//17/09/2015 Should Skilled Migrants be Welcomed in the UK to Plug Skills Gaps?
Charlie Walker, Vivid Resourcing MD, speaks to Recruiter about welcoming skilled migrants to the UK.
In the same week Prime Minister David Cameron’s plans to limit EU migration to the UK were scuppered by the European Court of Justice, business leaders and recruiters have called on authorities to welcome migrants to plug skills gaps.
The Financial Times reported yesterday the court largely upheld Britain and Germany’s efforts to clamp down on benefit tourism, including restrictions on some benefits given to unemployed EU migrants.
But it warned it would be illegal for governments to expel legitimate jobseekers. Cameron had wanted to restrict the amount of time an EU jobseeker could stay in the UK, regardless of whether they had a legitimate chance of finding work, to six months.
Recruiters, it seems, agree with the business leaders that it should be made easier for businesses to offer jobs to skilled migrants.
Charlie Walker, founder and managing director of global recruiter Vivid Resourcing, told Recruiter the government should look to the practices of the Netherlands and Belgium and not “leave the door wide open” for non-EU migrants “but those who have skills where there is a labour shortage should be admitted with less delays and red tape”. On EU migrants, he said the UK benefitted from the free movement of labour, pointing out that Britons also work abroad.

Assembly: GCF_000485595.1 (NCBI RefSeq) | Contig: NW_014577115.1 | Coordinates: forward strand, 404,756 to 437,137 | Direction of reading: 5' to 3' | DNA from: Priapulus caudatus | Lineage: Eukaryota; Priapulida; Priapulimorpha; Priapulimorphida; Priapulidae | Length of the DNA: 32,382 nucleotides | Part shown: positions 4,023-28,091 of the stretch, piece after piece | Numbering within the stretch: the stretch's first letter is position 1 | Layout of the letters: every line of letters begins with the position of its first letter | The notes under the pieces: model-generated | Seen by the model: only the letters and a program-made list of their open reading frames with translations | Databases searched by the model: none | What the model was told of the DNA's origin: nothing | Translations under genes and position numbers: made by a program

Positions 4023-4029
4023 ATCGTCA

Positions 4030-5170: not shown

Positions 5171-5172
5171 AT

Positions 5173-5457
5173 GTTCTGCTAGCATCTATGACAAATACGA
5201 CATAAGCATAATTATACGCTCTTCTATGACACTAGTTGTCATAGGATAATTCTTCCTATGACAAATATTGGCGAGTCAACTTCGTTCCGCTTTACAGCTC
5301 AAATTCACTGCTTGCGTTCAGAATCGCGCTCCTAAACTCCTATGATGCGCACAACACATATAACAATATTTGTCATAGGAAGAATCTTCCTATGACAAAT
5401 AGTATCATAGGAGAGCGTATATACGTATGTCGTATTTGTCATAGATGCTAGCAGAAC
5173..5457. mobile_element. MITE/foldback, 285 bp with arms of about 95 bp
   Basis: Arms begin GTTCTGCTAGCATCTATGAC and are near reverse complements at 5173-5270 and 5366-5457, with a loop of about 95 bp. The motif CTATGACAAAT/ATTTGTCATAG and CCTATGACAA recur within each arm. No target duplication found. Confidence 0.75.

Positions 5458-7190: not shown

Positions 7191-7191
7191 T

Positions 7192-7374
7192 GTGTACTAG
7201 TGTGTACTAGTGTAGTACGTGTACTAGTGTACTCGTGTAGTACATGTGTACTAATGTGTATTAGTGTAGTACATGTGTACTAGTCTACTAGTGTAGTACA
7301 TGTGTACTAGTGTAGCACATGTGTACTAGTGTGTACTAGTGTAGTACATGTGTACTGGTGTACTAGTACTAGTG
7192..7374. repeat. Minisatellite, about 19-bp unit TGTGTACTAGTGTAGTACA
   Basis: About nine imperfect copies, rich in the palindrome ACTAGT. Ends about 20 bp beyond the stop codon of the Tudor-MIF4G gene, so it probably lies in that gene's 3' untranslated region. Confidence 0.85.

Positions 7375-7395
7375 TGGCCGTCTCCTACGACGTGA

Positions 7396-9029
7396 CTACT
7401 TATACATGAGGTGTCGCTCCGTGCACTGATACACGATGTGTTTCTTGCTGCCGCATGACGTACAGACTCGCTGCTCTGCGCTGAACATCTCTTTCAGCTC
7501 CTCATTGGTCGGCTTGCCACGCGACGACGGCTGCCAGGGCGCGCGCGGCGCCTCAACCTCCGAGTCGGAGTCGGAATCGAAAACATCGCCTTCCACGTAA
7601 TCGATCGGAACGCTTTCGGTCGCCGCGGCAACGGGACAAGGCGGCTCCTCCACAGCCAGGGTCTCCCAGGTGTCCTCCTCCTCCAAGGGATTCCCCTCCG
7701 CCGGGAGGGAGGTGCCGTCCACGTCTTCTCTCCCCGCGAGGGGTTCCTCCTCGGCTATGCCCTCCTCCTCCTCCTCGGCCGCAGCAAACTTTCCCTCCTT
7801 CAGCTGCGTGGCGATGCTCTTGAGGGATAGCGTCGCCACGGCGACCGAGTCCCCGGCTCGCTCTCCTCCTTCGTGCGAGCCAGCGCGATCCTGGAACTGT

He added the government had a moral obligation to help refugees by ensuring “an efficient route to paid work”.
However, Gemma Saunders, associate director HR services at Gleeson Recruitment Group, told Recruiter if EU migrants were in the UK to plug a particular skills gap, they should be able to find work within six months.
“If not, it would sound like their skills are not in high demand or in deficit among the current UK workforce.”
She added recruiters needed to work with government to identify skills gaps before it hits a crisis point like the NHS is currently facing.
In the Financial Times report, Guy Hands, who heads private equity group Terra Firma, said businesses accepting refugees and other migrants with in-demand skills would be of huge economic benefit to the UK.
Peter Reichwald, director of the board practice and founder of inclusion network Engage at Harvey Nash Executive Search, agreed: “The granting of visas should be made easier subject to there being demonstrable evidence that that skill set has not been found within the UK or we will be hindering businesses growth because of their ability to find a skilled workforce.”